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Darwinism and the breakdown in communications

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From ScienceDaily:

Japanese researchers from Osaka University have uncovered a way in which our cells regulate the repair of broken DNA. Their results, published in the journal “Cell Reports,” show a common molecule regulates multiple repair mechanisms and help shed light on how the cell maintains the integrity of the human genome when it is damaged.

The human body consists of trillions of cells, and within each are billions of DNA molecules. Strict maintenance of the molecules is essential to maintain a healthy cell and thus a healthy body.

This maintenance is challenged by the daily bombardment of chemicals, UV light, radical oxgen and radiation that can damage the DNA molecules. If left unrepaired, the damage could lead to genomic instability and cell death. Thankfully, evolution has created in the cell innate repair mechanisms to fix any damaged DNA. Paper. (public access) – Shin-Ya Isobe, Koji Nagao, Naohito Nozaki, Hiroshi Kimura, Chikashi Obuse. Inhibition of RIF1 by SCAI Allows BRCA1-Mediated Repair. Cell Reports, 2017; 20 (2): 297 DOI: 10.1016/j.celrep.2017.06.056 More.

Note: “Thankfully, evolution has created in the cell innate repair mechanisms to fix any damaged DNA.” If “Evolution” “has created” these innate repair mechanisms, it must be functioning as some kind of an intelligent force.

Note also the assumption just shoved under the rug here: Life forms seek to repair themselves.

Inanimate objects do not seek to repair themselves. What is the nature of the difference between life and non-life that life seeks to continue in its live, healthy state? More, the mere fact that a life form would like to repair itself does not mean that it will have a repair kit handy. That is a separate issue that can’t be papered over by throwaway remarks such as “evolution has created…” Words should mean something.

These researchers should just go ahead and do their work, but we need to see that Darwinian assumptions are breaking down under the weight of  the language  nlanguage needede these situations.

See also: The “beautiful mechanism” by which an egg becomes an embryo

and

What can we hope to learn about animal minds?

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5 Replies to “Darwinism and the breakdown in communications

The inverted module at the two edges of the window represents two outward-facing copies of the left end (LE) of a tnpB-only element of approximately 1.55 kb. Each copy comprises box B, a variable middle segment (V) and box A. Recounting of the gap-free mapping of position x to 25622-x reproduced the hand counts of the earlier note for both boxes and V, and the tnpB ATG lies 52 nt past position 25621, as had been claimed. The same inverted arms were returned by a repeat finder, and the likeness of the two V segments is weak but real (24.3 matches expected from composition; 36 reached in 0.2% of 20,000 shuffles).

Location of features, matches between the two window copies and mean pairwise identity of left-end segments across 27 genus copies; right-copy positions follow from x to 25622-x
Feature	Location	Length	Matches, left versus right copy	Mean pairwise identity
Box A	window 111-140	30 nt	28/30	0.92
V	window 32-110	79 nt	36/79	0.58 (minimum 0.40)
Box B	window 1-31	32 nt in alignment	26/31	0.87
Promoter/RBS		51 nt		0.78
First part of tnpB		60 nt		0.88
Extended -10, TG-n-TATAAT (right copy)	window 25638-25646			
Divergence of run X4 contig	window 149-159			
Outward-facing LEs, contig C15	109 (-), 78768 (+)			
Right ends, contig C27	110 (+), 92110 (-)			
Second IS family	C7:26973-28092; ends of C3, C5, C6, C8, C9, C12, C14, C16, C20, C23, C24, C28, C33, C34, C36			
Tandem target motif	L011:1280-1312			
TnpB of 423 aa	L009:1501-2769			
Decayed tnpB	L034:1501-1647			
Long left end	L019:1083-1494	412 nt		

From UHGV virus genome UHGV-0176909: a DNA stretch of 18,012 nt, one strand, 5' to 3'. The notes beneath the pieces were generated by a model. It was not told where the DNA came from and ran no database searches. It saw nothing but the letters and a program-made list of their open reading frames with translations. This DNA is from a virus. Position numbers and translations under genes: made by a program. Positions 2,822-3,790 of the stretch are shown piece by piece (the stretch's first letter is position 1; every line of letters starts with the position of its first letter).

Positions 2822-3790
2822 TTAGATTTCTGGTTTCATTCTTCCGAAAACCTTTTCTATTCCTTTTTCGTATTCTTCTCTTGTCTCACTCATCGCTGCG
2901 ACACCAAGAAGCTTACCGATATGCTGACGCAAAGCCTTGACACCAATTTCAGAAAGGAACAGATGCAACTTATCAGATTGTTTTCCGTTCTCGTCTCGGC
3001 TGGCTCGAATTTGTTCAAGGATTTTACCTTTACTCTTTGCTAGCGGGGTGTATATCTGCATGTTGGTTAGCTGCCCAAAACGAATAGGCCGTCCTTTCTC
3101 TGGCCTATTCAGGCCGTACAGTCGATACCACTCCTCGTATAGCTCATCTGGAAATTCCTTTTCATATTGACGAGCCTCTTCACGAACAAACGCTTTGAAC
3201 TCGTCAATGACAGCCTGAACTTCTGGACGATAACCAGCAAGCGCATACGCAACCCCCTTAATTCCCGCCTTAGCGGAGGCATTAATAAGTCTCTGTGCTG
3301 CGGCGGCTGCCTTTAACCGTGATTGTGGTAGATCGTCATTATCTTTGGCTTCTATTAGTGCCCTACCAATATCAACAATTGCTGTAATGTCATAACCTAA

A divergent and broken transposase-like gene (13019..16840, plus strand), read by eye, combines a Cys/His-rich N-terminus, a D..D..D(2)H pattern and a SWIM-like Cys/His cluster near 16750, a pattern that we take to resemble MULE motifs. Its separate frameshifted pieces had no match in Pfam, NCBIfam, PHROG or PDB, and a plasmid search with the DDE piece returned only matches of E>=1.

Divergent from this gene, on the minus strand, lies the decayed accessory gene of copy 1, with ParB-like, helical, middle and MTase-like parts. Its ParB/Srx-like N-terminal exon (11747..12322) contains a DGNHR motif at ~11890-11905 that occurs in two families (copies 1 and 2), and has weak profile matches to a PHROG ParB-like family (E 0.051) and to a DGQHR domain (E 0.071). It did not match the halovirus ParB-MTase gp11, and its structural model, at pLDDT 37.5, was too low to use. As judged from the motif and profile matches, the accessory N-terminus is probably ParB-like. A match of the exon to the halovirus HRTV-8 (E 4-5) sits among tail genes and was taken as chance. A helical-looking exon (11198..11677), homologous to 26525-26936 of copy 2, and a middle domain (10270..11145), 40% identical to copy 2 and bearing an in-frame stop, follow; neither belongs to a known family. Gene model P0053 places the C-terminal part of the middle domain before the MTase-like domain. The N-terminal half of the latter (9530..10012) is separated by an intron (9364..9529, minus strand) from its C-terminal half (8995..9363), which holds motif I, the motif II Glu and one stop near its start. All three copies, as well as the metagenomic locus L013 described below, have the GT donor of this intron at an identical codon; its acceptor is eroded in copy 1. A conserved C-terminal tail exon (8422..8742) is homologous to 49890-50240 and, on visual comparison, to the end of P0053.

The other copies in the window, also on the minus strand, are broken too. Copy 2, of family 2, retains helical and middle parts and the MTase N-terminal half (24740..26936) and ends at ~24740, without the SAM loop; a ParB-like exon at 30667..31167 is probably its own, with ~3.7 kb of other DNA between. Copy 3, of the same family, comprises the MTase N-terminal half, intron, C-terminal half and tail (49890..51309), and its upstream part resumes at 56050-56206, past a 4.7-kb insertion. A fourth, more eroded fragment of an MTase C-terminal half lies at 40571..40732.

1. 1
    Mung says:

    Evolution evolved to prevent evolution. Makes sense to me.

  2. 2
    Dionisio says:

    DNA double-strand breaks (DSBs) are repaired by either the homology-directed repair (HDR) or the non-homologous end-joining (NHEJ) pathway.

    […] the molecular mechanism underlying pathway choice remains unclear.

    […] SCAI inhibits RIF1 function to allow BRCA1-mediated repair, which possibly includes alt-NHEJ and resection-dependent NHEJ in G1, as well as HDR in S/G2.

    Inhibition of RIF1 by SCAI Allows BRCA1-Mediated Repair
    Shin-Ya Isobe, Koji Nagao, Naohito Nozaki, Hiroshi Kimura, Chikashi Obuse
    DOI: http://dx.doi.org/10.1016/j.celrep.2017.06.056
    Cell Reports
    Volume 20, Issue 2, p297–307

    Complex, functionally specified informational complexity.

    🙂

  3. 3
    Dionisio says:

    The reason for the different HDR reporter assay results in the two studies remains unknown […]

    It will be interesting to determine the 53BP1-independent function and regulation of SCAI.

    […] it is important to identify the kinases responsible for phosphorylation of S/TP sites.

    The involvement of Plks in the regulation of pathway selection through 53BP1 phosphorylation should be investigated in a future study.

    Our initial characterizations of SCAI function in DNA repair, along with those by Hansen et al. (2016)), will stimulate future experimental analyses for understanding the regulation of these robust and flexible repair pathways.

    Inhibition of RIF1 by SCAI Allows BRCA1-Mediated Repair
    Shin-Ya Isobe, Koji Nagao, Naohito Nozaki, Hiroshi Kimura, Chikashi Obuse
    DOI: http://dx.doi.org/10.1016/j.celrep.2017.06.056
    Cell Reports
    Volume 20, Issue 2, p297–307

    Complex, functionally specified informational complexity.

    🙂

  4. 4
    tribune7 says:

    The dogma of evolution is anti-science.

  5. 5
    Jon Garvey says:

    Thankfully, evolution has created in the cell innate repair mechanisms to fix any damaged DNA

    There’s another oddity in this: undamaged DNA kept getting damaged, so evolution damaged it some more and things got better.

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